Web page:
DEAR DR. DONOHUE: I am a 55-year-old man, and I hadn’t seen a doctor for more than 15 years. I feel and felt quite well. My wife nagged me into getting a physical examination. Prior to the physical, I had some lab tests done. When I saw the doctor, after he examined me, he said he thought I had leukemia because my white blood count was high. I jumped like I had an electric shock. The doctor sent me to a hematologist, and I do have leukemia – chronic lymphocytic leukemia. I am not taking any medicine. My wife finds this hard to believe. Should I be on something? – H.H.

“Leukemia” is a word that provokes terror. It’s cancer of white blood cells. Some leukemias have to be treated with great respect and call for immediate medication. Chronic lymphocytic leukemia, however, is not one of those illnesses. It’s the most common kind of leukemia in North America. It strikes more men than women, and usually comes on later in life. Chronic lymphocytic leukemia is not usually an illness that greatly reduces the number of years a person expects to live.

In this leukemia, one kind of white blood cell, the lymphocyte, undergoes a population explosion. Lymphocytes are part of the body’s immune system. They’re involved in producing antibodies that help wipe out germs. Most people with chronic lymphocytic leukemia discover they have it the same way you did. They have a blood count that shows high numbers of these white blood cells. Usually they have no symptoms. Such symptomless people, whose only sign of illness is a high lymphocyte count, have, for the most part, a good prognosis. These people don’t need treatment. Their doctors follow them with examinations and with blood counts.

If a person with this illness begins to have symptoms such as fever, chills, weight loss and recurring infections, then treatment is instituted. Other indications for treatment are a drop in the red blood cell or platelet count, or enlargement of the liver, spleen or many lymph nodes. All you need to do is follow the doctor’s plan for continued exams and blood counts. I have to add that not all patients have as benign a course as the one I have outlined. In some instances, this leukemia progresses rapidly and kills, but that’s not the usual story.

DEAR DR. DONOHUE: My husband, 61, drinks seven to eight beers a day. He lives on antacids. Can you tell me what this is doing to his body? – Anon.

In 12 ounces of beer, the usual volume of a can or bottle, there are 12 grams of alcohol. A man who drinks 60 grams to 80 grams of alcohol a day for 10 years pretty well assures himself of coming down with severe liver disease. Your husband drinks 84 to 96 grams a day. The writing is on the wall. (For a woman, the number of grams that leads to liver destruction is 20 to 40.)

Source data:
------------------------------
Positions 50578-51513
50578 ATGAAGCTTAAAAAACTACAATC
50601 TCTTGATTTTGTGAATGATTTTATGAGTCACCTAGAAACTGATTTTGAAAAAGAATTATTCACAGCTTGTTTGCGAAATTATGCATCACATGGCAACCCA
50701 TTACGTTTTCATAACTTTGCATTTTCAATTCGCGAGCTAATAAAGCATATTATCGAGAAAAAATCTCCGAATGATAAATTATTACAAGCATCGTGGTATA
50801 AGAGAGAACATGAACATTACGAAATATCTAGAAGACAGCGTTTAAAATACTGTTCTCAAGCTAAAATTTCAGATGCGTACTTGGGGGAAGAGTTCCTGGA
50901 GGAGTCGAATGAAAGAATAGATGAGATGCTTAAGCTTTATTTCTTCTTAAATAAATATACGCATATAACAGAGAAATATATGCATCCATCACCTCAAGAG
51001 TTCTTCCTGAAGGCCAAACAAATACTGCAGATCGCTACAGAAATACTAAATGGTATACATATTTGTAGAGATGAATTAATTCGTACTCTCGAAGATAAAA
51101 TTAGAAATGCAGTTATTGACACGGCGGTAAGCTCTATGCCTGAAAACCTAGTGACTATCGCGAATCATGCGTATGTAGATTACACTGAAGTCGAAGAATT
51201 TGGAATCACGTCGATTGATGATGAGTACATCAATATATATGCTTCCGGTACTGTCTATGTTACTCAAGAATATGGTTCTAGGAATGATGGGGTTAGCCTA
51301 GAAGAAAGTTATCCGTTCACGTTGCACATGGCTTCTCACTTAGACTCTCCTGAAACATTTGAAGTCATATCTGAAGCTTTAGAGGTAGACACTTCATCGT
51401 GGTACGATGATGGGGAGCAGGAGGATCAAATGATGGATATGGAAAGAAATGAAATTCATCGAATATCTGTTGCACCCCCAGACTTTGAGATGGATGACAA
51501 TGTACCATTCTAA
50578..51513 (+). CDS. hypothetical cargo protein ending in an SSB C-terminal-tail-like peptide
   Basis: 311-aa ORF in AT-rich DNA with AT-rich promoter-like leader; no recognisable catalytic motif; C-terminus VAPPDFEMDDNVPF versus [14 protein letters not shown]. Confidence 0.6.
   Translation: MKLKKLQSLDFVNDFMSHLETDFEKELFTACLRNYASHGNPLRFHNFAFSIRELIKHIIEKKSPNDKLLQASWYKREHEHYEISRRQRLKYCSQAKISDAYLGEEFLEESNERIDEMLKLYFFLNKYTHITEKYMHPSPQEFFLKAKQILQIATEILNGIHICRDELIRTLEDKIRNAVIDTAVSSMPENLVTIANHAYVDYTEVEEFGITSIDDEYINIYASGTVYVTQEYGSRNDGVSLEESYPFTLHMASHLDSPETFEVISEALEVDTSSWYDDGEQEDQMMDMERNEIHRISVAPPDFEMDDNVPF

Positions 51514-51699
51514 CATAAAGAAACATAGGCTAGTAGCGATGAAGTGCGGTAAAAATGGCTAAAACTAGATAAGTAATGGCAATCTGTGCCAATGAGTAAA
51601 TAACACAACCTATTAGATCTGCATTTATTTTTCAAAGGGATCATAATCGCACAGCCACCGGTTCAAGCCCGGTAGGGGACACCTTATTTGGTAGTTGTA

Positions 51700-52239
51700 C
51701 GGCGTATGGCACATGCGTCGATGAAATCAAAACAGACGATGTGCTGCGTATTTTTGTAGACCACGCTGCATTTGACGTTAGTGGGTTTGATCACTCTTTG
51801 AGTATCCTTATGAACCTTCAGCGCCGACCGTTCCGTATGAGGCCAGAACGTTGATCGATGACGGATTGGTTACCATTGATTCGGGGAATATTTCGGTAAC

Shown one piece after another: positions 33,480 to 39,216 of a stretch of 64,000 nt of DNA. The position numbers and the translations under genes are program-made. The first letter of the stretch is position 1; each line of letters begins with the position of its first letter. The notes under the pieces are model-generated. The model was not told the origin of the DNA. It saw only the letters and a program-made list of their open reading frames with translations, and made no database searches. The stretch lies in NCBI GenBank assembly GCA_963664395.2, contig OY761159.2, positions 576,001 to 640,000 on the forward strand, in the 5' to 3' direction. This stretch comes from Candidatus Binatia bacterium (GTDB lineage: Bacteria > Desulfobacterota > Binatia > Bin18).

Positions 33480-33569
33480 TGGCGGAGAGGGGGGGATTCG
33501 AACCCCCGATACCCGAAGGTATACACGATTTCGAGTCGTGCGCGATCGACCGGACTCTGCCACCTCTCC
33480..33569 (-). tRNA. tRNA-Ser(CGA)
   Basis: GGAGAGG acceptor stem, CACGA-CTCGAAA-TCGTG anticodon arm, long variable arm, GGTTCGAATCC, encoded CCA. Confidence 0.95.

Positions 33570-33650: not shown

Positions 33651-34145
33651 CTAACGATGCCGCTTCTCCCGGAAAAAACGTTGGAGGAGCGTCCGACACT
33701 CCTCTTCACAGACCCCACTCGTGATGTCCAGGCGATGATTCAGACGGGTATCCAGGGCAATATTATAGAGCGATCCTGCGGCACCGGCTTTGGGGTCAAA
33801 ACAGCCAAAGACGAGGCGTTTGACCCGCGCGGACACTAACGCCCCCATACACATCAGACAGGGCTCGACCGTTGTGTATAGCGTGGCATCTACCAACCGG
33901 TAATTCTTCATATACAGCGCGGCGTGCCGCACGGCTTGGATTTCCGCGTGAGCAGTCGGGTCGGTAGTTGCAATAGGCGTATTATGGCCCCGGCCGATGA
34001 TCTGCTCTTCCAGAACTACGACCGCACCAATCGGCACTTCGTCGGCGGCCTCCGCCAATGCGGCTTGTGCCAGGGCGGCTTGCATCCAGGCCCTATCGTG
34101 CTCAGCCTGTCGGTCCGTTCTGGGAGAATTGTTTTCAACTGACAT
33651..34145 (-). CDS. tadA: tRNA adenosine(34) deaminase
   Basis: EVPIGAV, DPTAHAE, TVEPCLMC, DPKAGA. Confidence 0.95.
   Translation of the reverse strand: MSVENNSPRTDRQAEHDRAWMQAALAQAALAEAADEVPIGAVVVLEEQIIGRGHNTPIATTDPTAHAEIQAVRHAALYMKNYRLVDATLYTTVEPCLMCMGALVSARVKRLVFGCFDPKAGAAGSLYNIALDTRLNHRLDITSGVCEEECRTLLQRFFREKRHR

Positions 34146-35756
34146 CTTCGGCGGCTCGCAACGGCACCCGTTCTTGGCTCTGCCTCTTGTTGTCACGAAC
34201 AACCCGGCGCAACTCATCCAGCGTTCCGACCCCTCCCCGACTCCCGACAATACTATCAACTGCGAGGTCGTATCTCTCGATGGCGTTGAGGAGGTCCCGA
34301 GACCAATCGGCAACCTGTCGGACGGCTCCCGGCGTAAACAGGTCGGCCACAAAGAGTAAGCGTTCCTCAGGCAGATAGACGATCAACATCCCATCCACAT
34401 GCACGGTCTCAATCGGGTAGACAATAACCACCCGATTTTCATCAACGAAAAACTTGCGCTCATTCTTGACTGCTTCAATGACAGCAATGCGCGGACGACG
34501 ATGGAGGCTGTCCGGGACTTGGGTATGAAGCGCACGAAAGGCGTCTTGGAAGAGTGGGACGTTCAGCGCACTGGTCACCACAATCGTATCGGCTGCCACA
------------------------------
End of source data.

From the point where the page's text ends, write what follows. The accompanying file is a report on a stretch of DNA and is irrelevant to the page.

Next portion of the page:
Large amounts of alcohol raise blood pressure. They are linked to cancer of the mouth, esophagus and rectum. They weaken the heart’s pumping power, and they weaken muscles. They injure nerves. They can inflame the pancreas – pancreatitis, a painful and often dangerous illness. They dull the brain’s ability to think clearly.

Alcohol in large amounts irritates the stomach. Perhaps that’s why your husband takes so much antacid. The irritation can lead to stomach bleeding.

Your husband should realize what he’s doing to himself, and he should seek help to stop doing it.

DEAR DR. DONOHUE: My husband is a regular reader of your column. He is a healthy 86-year-old and does not take any medication. He remembers reading something in your column about raising the headboard of the bed, but he misplaced the column and wants to know what the benefits of doing this are. – D.R.

I have suggested to people who have heartburn that they put 6-inch to 8-inch blocks under the bedposts at the head of the bed. Heartburn can bother people when they lie flat. When they’re on an angle, gravity keeps stomach acid in the stomach and out of the esophagus – no heartburn.

DEAR DR. DONOHUE: One of my high-school teachers never passed a water fountain without taking a drink. I asked him why he did this, and he said water flushes germs out of the body. He claimed he never had a cold once he started doing this. Is there any truth to his theory? – B.A.

In a word, no.

People need to replace the fluids they lose from breathing, sweating and urinating, but they don’t need to gorge themselves with water or any other fluids.

Dr. Donohue regrets that he is unable to answer individual letters, but he will incorporate them in his column whenever possible. Readers may write him or request an order form of available health newsletters at P.O. Box 536475, Orlando, FL 32853-6475.

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